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How do we Test for Immunogenicity of Human iPSC-Derived Cells?

Review of “Putative Immunogenicity Expression Profiling Using Human Pluripotent Stem Cells and Derivatives” from Stem Cells TM by Stuart P. Atkinson

 Alongside the potential for tumorigenesis, the immune response to cells derived from induced pluripotent stem cells (iPSCs) remains a possible stumbling block for the transfer of iPSC technology from bench to bedside. The first study of this kind found that teratomas derived from mouse iPSCs, but not mouse embryonic stem cells (ESCs), could elicit an immune response [1], although further mouse studies did not fully corroborate this finding [2, 3]. Human iPSC/ESC studies have been reported [4-6] and, to further expand upon these findings, the group of James A. Byrne (UCLA) have assessed a wide range of iPSCs and their differentiated progeny for the expression of the human homologs of two putative mouse “immunogenicity” genes (ZG16 and HORMAD1) and the resulting immune response these iPSCs elicit using a peripheral blood mononuclear cell (PBMC) co-culture assay [7].

 The authors initially replicated the teratoma-based iPSC-specific immune response assay used in previous studies to assess a wide range of iPSCs/ESCs for HORMAD1 and ZG16 expression. These two putative immunogenicity genes previously correlated to an in vivo T cell-mediated immune response in the mouse [1]. While HORMAD1 expression remained low and cells expressed ZG16 at a higher level, gene expression levels were highly variable, most likely due to line-to-line and clonal variation (See Figure). Analysis of differentiated cells began using embryoid body (EB)-mediated non-directed differentiation. Again, HORMAD1 expression remained low and, while ZG16 expression was higher in comparison, this level was much lower as compared to ZG16 expression observed in teratomas. These expression levels also remained heterogeneous, and the researchers found no correlation between different cell numbers and time points across all lines tested. They also observed similar findings following the assessment of cells representing specific early derivatives of the three embryonic germ layers following directed differentiation. Further differentiation of iPSCs/ESCs to clinically relevant cell types (oligodendrocyte progenitor cells (OPCs), hepatocytes, and cardiomyocytes) using strict directed differentiation protocols found a trend for increased expression of HORMAD1, although this still represented a very low expression level which is unlikely to cause an immune response. ZG16 levels also definitively and reproducibly increased, although the data the authors have generated highlights inherent intra- and interline variability, which would preclude ZG16 assessment as a useful immunogenicity screening tool. The group then moved on to their in vitro acute immune response assay using a PBMC co-culture assay, and discovered that ZG16 expression was unable to induce IFN-expression (the assay output) or cause gross changes in MHC presentation, and so is not acutely immunogenic.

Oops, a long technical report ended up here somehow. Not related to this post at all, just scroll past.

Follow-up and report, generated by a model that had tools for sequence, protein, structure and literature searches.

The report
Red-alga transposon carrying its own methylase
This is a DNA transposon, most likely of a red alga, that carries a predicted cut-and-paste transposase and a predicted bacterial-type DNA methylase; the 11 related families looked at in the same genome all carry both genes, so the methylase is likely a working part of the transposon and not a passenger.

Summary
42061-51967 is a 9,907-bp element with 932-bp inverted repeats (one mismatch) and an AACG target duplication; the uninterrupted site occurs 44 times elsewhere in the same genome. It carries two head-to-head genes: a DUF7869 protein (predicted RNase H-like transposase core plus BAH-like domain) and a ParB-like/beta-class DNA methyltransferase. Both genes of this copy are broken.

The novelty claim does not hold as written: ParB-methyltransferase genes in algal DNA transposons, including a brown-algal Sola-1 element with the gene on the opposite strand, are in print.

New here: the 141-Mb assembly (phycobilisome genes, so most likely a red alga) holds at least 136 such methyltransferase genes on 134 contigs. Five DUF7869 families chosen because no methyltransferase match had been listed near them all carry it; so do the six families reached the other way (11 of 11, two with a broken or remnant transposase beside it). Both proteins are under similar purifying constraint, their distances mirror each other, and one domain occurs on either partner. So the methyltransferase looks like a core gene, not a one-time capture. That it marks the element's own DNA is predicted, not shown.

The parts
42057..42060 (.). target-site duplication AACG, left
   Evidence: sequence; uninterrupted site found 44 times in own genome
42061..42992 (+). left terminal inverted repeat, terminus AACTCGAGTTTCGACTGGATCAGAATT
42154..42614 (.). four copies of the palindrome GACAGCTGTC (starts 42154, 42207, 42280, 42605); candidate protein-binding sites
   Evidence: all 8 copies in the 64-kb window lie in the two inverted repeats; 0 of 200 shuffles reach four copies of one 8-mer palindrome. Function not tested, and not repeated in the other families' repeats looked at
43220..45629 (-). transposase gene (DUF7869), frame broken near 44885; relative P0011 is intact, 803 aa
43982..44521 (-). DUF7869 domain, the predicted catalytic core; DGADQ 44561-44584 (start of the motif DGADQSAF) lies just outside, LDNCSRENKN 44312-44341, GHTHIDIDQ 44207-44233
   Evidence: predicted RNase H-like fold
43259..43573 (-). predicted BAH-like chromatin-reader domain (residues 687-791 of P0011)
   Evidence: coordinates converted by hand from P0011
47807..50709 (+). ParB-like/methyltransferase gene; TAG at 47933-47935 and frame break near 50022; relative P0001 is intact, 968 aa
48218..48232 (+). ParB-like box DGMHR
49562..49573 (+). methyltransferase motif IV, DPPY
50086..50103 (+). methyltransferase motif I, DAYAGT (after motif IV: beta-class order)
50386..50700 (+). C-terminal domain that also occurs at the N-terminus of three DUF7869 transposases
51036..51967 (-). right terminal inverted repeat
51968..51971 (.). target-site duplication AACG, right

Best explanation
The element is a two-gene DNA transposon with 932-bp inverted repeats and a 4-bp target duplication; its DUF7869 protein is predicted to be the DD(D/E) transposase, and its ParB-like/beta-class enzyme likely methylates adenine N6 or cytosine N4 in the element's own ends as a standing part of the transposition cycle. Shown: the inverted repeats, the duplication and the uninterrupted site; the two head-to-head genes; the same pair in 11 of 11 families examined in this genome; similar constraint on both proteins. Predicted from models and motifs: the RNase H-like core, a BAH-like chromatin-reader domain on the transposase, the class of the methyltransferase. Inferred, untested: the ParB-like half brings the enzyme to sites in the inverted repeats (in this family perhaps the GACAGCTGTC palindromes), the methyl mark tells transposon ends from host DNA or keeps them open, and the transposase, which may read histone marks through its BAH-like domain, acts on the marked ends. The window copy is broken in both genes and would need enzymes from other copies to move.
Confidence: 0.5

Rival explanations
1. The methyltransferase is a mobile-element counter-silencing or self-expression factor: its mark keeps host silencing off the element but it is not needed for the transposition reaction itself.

Overall, this study provides evidence that currently used means of assessing immunogenicity are insufficient to test for immunogenicity in humans. Hopefully this study will provoke the search for a better assessment of immunogenicity which will be able to quickly and decisively demonstrate the immunogenicity inherent in iPSCs and their derivatives.

References

  1. Zhao T, Zhang ZN, Rong Z, et al. Immunogenicity of induced pluripotent stem cells. Nature 2011;474:212-215.
  2. Araki R, Uda M, Hoki Y, et al. Negligible immunogenicity of terminally differentiated cells derived from induced pluripotent or embryonic stem cells. Nature 2013;494:100-104.
  3. Guha P, Morgan JW, Mostoslavsky G, et al. Lack of immune response to differentiated cells derived from syngeneic induced pluripotent stem cells. Cell Stem Cell 2013;12:407-412.
  4. Lu Q, Yu M, Shen C, et al. Negligible immunogenicity of induced pluripotent stem cells derived from human skin fibroblasts. PLoS One 2014;9:e114949.
  5. Liu P, Chen S, Li X, et al. Low immunogenicity of neural progenitor cells differentiated from induced pluripotent stem cells derived from less immunogenic somatic cells. PLoS One 2013;8:e69617.
  6. Maynard KM, Arvindam U, Cross M, et al. Potentially immunogenic proteins expressed similarly in human embryonic stem cells and induced pluripotent stem cells. Exp Biol Med (Maywood) 2014;239:484-488.
  7. Awe JP, Gschweng EH, Vega-Crespo A, et al. Putative immunogenicity expression profiling using human pluripotent stem cells and derivatives. Stem Cells Translational Medicine 2015;4:136-145.